I am a part Aboriginal
woman, who was adopted out at birth. I was adopted by a white Australian
family and came to live in New Zealand at the age of 6 months. I grew
up not knowing about my natural Mother and Father. The only information
my adoptive parents had about my birth, was the surname of my birth Mother.
I guess I had quite
a good relationship with my adoptive Mum, Dad and sisters. Though my adopted
Mother said I kept to myself a lot, while I was growing up. As I got older
I noticed my skin colouring was different to that of my family. My Mother
told me I was adopted from Australia and part Aboriginal. I felt quite
lonely especially as I approached my teens. I got teased often about being
Aboriginal and became very withdrawn and mixed up, I really did not know
where I belonged.
As a result of this
I started having psychiatric problems. I seem to cope and muddle along.
I eventually got
married to a New Zealander, we have two boys, who are now teenagers. One
of our boys is dark like myself, and was interested in his heritage. I
was unable to tell him anything, as I didn't know about it myself.
My husband, boys
and myself had the opportunity to go to Melbourne about 7 years ago on
a working holiday for 10 weeks. While in Melbourne I went to the Aboriginal
Health Centre and spoke to a social worker, as I had a copy of my birth
certificate with my birth Mother's name on it. The social worker recognized
my Mother's surname 'Graham', and got in touch with my aunty, who gave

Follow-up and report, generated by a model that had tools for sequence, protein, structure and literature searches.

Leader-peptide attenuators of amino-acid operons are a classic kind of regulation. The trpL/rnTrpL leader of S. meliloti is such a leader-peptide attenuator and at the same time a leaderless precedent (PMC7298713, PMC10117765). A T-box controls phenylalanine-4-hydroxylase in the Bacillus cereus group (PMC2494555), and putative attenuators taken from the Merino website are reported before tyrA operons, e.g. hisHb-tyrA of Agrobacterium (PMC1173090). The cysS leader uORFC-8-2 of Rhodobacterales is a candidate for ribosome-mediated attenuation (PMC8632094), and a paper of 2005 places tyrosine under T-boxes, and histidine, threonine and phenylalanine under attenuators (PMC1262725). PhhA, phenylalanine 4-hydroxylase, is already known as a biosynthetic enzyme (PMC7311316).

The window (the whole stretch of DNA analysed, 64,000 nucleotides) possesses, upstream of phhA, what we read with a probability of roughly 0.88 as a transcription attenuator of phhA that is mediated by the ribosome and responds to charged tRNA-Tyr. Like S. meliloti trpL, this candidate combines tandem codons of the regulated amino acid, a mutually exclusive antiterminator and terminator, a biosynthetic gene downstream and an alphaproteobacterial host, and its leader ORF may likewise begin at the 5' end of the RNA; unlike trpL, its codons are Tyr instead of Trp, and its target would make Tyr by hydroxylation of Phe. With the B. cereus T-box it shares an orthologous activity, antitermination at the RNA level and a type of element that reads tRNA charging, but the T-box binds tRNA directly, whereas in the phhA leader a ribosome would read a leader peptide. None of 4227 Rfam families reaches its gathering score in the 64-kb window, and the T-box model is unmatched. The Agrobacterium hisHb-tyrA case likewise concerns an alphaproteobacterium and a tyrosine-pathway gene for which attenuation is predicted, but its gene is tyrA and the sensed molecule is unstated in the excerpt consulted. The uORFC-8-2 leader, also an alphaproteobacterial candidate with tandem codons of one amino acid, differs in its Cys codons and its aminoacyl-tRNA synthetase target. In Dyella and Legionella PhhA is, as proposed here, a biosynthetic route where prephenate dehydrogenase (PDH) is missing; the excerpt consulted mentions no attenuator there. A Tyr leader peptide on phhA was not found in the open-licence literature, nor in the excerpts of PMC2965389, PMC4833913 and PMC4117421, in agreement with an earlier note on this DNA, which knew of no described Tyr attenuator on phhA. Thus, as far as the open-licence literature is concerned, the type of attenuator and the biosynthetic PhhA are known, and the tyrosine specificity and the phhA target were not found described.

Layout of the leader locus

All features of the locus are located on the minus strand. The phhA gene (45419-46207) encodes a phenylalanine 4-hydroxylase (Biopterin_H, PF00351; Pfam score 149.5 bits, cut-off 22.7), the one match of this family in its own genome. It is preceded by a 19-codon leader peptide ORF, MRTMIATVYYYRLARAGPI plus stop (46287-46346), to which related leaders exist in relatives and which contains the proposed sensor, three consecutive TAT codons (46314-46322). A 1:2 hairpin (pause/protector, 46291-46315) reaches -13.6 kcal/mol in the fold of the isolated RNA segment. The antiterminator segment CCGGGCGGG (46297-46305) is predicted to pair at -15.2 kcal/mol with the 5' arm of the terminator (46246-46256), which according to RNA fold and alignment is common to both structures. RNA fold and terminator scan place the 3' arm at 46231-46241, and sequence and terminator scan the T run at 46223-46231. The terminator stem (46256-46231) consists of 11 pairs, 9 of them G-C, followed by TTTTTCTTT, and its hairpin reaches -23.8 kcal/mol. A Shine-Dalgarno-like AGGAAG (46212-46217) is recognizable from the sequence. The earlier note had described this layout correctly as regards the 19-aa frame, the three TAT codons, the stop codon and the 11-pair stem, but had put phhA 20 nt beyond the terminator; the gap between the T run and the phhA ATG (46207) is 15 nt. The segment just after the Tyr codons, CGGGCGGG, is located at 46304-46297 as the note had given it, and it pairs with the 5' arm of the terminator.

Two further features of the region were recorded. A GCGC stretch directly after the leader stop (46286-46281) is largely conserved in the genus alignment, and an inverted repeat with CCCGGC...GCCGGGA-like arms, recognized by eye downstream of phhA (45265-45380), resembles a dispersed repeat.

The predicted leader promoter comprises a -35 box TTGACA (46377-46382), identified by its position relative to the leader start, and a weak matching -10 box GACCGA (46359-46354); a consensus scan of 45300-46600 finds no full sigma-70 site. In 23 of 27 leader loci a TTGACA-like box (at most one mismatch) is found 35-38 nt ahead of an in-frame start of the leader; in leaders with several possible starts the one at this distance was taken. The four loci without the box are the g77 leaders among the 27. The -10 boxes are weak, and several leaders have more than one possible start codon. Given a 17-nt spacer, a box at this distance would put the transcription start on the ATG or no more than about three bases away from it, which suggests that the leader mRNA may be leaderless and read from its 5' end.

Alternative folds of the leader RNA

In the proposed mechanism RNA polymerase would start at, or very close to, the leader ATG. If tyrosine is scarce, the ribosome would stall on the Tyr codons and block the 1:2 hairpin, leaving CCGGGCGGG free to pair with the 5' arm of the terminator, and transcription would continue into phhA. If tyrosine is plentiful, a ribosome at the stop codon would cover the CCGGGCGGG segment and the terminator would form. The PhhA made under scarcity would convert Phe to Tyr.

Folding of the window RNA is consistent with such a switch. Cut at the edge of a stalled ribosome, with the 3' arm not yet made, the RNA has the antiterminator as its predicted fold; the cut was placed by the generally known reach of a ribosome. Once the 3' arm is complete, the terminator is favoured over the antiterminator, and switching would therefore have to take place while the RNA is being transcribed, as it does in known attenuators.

me my Mother's phone number.
I got in touch with
my birth Mother and made arrangements to meet her. I have a half brother
and sister. My birth Mother and Father never married, though my Father
knew my Mother was pregnant with me. My Mother did not know where my Father
was, as they parted before I was born. My sister decided to call a local
Melbourne paper and put our story in the paper on how I had found them
after 29 years.
My Father who was
in Melbourne at the time, saw the article and a photo of my Mother and
myself in the paper. He recognized my Mother and got in touch with her.
My Mother and I had been corresponding, after we returned to New Zealand.
For her own reasons, she would not give my Father my address, so my Father
went through the social service agency and got in touch with me two and
a half years ago. I have met my birth Father, as I had a family wedding
in Melbourne shortly after he made contact with me, so I made arrangements
to meet him.
We kept in contact
with one another, but I feel we will never be able to make up for lost
time, as my birth parents live in Australia and myself in New Zealand.
I still feel confused
about where I belong, it has been very emotional and the result of this
caused me to have a complete nervous breakdown. I am on medication daily
and am having to see a counsellor to help me come to terms and accept
the situation, where I am at right now and to sort out some confused feelings.
My adoptive family really don't want to know too much about my birth family,
which also makes it hard.
I feel that I should
be entitled to some financial compensation for travel purposes, to enable
us to do this.
823, New Zealand. Karen's story appears on page 244 of Bringing
Last updated 2 December 2001.